Skills do matter

Yesterday I attended the Skillsmatter Functional Programming Exchange where there was a sequence of really interesting talks.

The day started with Simon Peyton Jones giving a good introduction to the issues around multi-core concurrency and parallelism. The talk was really entertaining and brought up a great number of interesting points. The presenter obviously emphasised Haskell as an ideal language for experimenting with various solutions to the concurrency problem. He had some great remarks concerning locks and how hard they are to use. “Implementing a double ended queue on a uniprocessor is an undergraduate problem; on a multi-processor it was until recently a conference paper”. GHC has been extended to offer all kinds of solutions – low overhead threads and an _epoll implementation to allow large numbers of outstanding requests, software transactional memory (where he emphasised that Microsoft’s CLR STM failed owing to the nature of the runtime with the complication of too much mutable state), and also Erlang like isolation models to control the interaction between agents and allow graceful handling of failure. The talk covered the compilation of a subset of Haskell to run on a GPU and also covered data parallelism and nested data parallelism. In the case of the latter, there is a lot of research going on in this area. All very interesting and thought-provoking.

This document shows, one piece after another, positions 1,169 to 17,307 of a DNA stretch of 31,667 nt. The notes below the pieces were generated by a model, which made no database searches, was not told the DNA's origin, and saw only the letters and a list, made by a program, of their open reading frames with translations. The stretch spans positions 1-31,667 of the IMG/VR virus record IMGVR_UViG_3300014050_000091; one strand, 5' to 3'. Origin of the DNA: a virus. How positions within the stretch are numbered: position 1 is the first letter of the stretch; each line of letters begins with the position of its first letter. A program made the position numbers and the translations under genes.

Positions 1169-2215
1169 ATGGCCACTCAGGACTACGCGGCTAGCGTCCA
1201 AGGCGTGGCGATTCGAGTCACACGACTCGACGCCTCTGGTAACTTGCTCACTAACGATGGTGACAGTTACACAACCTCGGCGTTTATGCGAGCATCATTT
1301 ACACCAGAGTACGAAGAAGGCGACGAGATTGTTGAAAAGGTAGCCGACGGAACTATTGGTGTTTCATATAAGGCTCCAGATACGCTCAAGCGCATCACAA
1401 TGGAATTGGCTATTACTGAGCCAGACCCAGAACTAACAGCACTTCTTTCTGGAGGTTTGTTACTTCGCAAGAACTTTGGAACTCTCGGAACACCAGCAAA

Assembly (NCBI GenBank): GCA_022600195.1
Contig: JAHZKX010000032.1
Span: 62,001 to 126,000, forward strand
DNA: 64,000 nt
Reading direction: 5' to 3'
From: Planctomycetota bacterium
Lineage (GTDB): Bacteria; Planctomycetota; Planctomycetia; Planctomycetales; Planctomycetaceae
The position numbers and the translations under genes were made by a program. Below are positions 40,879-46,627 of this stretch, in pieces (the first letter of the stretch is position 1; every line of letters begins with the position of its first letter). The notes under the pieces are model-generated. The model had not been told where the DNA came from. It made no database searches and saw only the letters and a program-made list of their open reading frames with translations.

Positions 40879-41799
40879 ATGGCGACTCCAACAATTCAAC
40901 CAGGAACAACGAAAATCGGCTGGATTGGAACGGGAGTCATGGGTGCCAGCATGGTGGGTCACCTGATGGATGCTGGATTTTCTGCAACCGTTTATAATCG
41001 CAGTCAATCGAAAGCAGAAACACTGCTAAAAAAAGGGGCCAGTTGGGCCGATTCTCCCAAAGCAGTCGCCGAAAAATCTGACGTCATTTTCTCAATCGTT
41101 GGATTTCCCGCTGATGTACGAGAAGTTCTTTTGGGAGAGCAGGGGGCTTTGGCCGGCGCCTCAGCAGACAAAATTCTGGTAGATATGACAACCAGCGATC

Another talk that mentioned Erlang was the talk on the Akka, a scalable Actor library implemented as a library in Scala. The talk emphasised that the Actor model allows scaling, both within the processes and across machines using remote Actor references. Actors can be linked in the style of process linking in Erlang, – this allows processes to fail at which point other linked processes are notified and recover from the failure.

Adam Granicz also did a really good talk on WebSharper. This product allows you to write F# code inside Visual Studio. The F# compiler will compile it and then the WebSharper tools can translate some of the code into Javascript allowing it to run on the client. Applications mark which functions should run on the client and which should run on the server, and the WebSharper libraries will take care of the necessary remoting calls between the two sets of code. Too many questions meant that the presentation had to be cut slightly short, but the application looked really powerful, with composable formlets making it easy to abstract over pieces of Web GUI.

There were several other good talks, including a talk by Simon Cousins on how his company started using F#, seamlessly integrating it  into an existing C# application.

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